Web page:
Wimbledon: Lisicki d. Bartoli

Tuesday, June 28, 2011 /by

201106280959359919653-p2@stats_com Rain pelted the roof above Centre Court with such intensity that, in between blasts of thunder, I thought it might cave in. I was more confident of Sabine Lisicki caving, after the way she lost the second set to Marion Bartoli.

After a fairly routine opening set that Lisicki won 6-4, the German appeared to be delivering an encore, up 5-4 and serving for a spot in the semis. On the first point, as she approached the net to put away a soft Bartoli shot—I would compare the task to playing Tee Ball—Lisicki somehow made a mess of the gimmie, hitting it wide to the crowd's shock. You just knew the gaffe would come back to haunt her, and it did—three match points weren't enough to dismiss Bartoli, who broke serve when Lisicki double-faulted. One of Lisicki's missed match points was particularly cruel; she lost it with a drop shot into net, shortly after hitting one of the better lobs I've seen all year (it was the second lovely loft she'd lifted that game). When the damage was done, Lisicki missed a sitter and wasted three match points, along with some fantastic defense. The momentum was with Bartoli now, and even more so after the Frenchwoman won the second-set tiebreaker, during which Lisicki lost all six points on her serve.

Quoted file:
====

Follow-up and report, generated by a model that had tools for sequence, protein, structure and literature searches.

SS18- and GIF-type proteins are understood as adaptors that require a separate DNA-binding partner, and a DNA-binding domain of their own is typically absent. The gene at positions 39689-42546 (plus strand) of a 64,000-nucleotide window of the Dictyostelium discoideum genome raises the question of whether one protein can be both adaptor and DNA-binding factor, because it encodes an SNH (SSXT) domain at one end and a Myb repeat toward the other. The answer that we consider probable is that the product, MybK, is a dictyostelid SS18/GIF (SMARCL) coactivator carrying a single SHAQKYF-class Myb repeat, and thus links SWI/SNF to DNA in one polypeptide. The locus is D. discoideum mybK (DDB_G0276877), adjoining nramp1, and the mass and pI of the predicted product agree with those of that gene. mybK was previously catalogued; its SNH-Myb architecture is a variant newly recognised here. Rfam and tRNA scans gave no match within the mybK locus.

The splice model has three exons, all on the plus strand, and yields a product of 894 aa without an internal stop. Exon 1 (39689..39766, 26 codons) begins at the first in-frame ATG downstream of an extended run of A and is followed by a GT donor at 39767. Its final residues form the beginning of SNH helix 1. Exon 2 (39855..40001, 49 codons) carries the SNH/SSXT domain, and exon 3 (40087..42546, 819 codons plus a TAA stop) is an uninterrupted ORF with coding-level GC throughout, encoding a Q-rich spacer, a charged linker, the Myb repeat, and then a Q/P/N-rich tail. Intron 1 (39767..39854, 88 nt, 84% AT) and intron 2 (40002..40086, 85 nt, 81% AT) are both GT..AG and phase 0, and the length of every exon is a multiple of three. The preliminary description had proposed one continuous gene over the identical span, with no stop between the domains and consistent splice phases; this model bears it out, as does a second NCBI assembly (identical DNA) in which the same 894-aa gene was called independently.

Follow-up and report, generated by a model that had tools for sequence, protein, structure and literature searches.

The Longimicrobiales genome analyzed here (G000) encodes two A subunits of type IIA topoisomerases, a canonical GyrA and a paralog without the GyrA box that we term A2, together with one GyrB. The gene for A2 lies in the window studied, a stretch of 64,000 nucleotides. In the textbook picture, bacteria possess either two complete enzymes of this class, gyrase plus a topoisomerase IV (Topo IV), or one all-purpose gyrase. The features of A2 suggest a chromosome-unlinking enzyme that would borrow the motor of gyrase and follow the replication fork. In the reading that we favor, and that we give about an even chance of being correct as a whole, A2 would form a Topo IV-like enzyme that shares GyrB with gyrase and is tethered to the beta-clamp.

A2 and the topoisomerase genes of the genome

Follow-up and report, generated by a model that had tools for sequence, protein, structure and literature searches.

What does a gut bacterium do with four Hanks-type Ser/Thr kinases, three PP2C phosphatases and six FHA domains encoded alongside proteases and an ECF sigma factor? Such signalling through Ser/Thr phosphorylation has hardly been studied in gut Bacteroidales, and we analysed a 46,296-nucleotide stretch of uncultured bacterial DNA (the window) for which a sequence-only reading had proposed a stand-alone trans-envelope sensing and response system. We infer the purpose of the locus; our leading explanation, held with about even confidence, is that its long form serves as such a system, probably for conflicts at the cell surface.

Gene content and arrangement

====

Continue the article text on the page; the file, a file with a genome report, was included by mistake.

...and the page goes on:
Bartoli pulled off her escape in a rather haggard condition, so I thought little of her panting as the third set began—though in retrospect, maybe her sitting down on a linesperson's chair was telling. All the running and retrieving necessary to hold off Liscki seemed to catch up with Bartoli in the decider; in an instant, the Fraulein was up 3-0. Lisicki erased the second set from memory with this fresh start, and Bartoli needed all her fuel just to hold serve in a lengthy fourth game. She wouldn't win another.

Lisicki's 6-4, 6-7 (4), 6-1 win puts the wild card—and someone's dark horse pick—into the final four of a Slam for the first time in her career. Her quarter of the draw was imposing, but she came back from double match point down to oust French Open champion Li Na, then avoided Serena Williams thanks to Bartoli's upset. Next on Lisicki's wild ride? Maria Sharapova or Dominika Cibulkova.

—Ed McGrogan

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